The Magnificent Seven
Dir: Antoine Fuqua
Starring: Denzel Washington, Chris Pratt, Ethan Hawke, Vincent D’Onofrio, Byung-hun Lee, Manuel Garcia-Rulfo, Martin Sensmeier, Luke Grimes, Peter Sarsgaard, and Haley Bennett
3.25 out of 5.00
The Magnificent Seven
MONTE YAZZIE ~ THE FOOTHILLS FOCUS ~9/29/16
In 1960, veteran director John Sturges was tasked with taking some of the most recognizable actors in Hollywood and collaborating on an updated remake of an Akira Kurosawa film called “Seven Samurai”. That film would become the classic western “The Magnificent Seven”. The film starred Yul Brynner who was coming off two lauded films, “The Ten Commandments” and “The King and I”. It also starred the experienced, yet not established, Steve McQueen who would later make “The Great Escape” and “Bullitt”. Rounding out the film was Charles Bronson, Eli Wallach, Robert Vaughn, Brad Dexter, and James Coburn. Not a bad cast to make a movie with during this time.
While the 1960 version of the film was done only six years after Akira Kurosawa’s classic, it should be noted that the Japanese master filmmaker approved of Sturges’ Western. Director Antoine Fuqua is tasked with updating this film fifty-six years after the original film was released. Kurosawa is one of the most influential filmmakers in history; his film “Seven Samurai” has been copied, remade, and updated hundreds of times. How could an updated version of a film, which was already a remake, work in today’s remake saturated film world? Because stories of good versus evil and the journey of heroes facing insurmountable odds can still be an interesting element when done the right way, even when it’s been done so many times that even the most novice of film fan can see the path of the story a mile away. The 2016 version of “The Magnificent Seven” is entertaining and fun many times throughout; it's as mediocre of a popcorn movie as one could be.
The small town of Rose Creek, populated with hard working families, is under the brutal control of a greedy industrialist named Bartholomew Bogue (Peter Sarsgaard). Faced with the option of leaving town or meeting death, the townspeople employ the services of a bounty hunter named Chisolm (Denzel Washington). Needing more help than the townspeople can offer, Chisolm employs the services of six other men: a gambler named Faraday (Chris Pratt), an outlaw named Vasquez (Manuel Garcia-Rulfo), a famous gunman named Goodnight Robicheaux (Ethan Hawke) and his knife-wielding associate Billy Rocks (Byung-hun Lee), a famous hunter named Jack Horne (Vincent D’Onofrio), and a lone Native American named Red Harvest (Martin Sensmeier).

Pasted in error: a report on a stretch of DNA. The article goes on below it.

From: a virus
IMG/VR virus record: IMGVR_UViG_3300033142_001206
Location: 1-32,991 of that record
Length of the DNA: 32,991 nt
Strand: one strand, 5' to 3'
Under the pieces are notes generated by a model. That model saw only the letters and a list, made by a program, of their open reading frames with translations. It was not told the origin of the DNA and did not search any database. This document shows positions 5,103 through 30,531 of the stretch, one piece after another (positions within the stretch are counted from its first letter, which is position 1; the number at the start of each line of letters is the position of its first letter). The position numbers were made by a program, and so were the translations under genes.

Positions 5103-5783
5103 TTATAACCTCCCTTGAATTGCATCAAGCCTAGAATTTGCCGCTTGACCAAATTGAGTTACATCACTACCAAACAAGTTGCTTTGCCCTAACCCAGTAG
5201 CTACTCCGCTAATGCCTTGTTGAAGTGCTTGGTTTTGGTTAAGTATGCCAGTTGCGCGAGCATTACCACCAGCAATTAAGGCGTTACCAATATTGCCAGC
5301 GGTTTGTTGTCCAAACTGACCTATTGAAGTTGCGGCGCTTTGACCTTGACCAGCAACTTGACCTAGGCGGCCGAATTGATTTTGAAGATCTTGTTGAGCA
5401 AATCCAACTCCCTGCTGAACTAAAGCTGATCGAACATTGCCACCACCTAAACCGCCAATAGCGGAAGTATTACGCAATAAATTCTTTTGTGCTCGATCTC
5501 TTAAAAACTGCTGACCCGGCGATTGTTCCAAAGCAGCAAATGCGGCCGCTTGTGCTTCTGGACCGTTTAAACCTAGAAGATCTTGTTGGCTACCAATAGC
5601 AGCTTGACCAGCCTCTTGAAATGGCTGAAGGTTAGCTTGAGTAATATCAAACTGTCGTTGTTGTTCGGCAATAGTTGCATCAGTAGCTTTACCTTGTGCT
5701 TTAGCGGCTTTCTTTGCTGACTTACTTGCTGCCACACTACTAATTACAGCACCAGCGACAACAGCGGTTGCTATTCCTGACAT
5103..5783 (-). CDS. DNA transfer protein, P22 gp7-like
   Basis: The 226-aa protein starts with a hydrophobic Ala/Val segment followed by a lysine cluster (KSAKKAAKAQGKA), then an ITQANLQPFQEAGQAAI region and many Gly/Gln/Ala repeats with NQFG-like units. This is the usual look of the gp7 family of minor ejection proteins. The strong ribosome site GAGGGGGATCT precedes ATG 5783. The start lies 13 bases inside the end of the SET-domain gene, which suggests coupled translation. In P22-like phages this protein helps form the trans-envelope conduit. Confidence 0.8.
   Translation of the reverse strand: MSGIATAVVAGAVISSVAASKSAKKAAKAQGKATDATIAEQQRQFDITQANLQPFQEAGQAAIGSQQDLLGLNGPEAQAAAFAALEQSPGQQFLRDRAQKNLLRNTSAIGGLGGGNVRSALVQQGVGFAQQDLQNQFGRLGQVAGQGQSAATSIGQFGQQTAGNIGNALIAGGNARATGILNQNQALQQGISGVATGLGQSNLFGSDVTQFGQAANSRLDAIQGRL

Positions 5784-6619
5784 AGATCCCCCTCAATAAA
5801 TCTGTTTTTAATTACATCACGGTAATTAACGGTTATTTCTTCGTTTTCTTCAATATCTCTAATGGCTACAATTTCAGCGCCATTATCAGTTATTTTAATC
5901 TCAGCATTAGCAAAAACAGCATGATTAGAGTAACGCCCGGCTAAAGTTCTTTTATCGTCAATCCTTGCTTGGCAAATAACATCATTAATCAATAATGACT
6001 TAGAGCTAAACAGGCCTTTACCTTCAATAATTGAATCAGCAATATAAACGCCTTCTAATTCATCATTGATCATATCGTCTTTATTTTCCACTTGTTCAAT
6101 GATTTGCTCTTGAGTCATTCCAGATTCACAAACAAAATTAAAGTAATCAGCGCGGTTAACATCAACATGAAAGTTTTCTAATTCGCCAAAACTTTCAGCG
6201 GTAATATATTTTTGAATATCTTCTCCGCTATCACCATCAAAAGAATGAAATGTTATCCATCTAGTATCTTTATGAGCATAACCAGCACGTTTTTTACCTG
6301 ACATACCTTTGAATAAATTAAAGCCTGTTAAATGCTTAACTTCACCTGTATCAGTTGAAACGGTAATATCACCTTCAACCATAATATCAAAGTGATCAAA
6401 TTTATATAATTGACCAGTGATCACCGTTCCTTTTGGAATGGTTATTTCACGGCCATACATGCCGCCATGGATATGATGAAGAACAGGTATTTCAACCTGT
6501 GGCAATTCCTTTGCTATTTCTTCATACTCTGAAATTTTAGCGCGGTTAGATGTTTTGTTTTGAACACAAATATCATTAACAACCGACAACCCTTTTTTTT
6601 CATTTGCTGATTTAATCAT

While the locations and characters have changed just a bit with Antoine Fuqua's version of the film, the structure to the original films that have come before it are still very much intact. Justice needs to be served and the innocent need to be protected. Fuqua does a great job introducing these characters; even the villain, who is offered the very first introduction, is provided with a startling and violent scene that makes the viewer despise him. This helps warrant the vigilante mentality of getting bounty hunters, gamblers, and outlaws together to fight the good fight. Still, Fuqua does not shy away from displaying the character flaws of some of the seven justice-seeking men, specifically with group leader Chisolm, who plays all of his emotional cards close to the chest.
Denzel Washington is great; he provides a swagger and charisma that shines brightest when the actor is allowed to move within a scene. Washington doesn't need to say much, but the little mannerisms that the actor brings adds a sense of mystery, and also danger, with every deliberate move. Chris Pratt provides much of the humor. The actor is best when he is allowed freedom with the character, but he also brings a natural likability to a character that isn't the most righteous of the group. Another standout in the film is Ethan Hawke who plays a prideful but tormented gunfighter. The talented Hawke has a knack for making these kind of secondary characters better than they should be.
Fuqua composes a film that is entertaining and fun, a film that goes the extra mile with characters and scenarios to make it a crowd-pleasing experience. However, this also moves the film far away from being anything remotely memorable; in fact, in some instances it makes the film rather boring. It's no better than the western made in 1960 except for supplying more action scenes, and the narrative is so straightforward that all the brilliant touches of character development and narrative composition found in Akira Kurosawa's original work is mostly glossed over. So yes, many will be entertained and many will have a great time with this film. However, some may find themselves wondering why they bothered remaking it at all?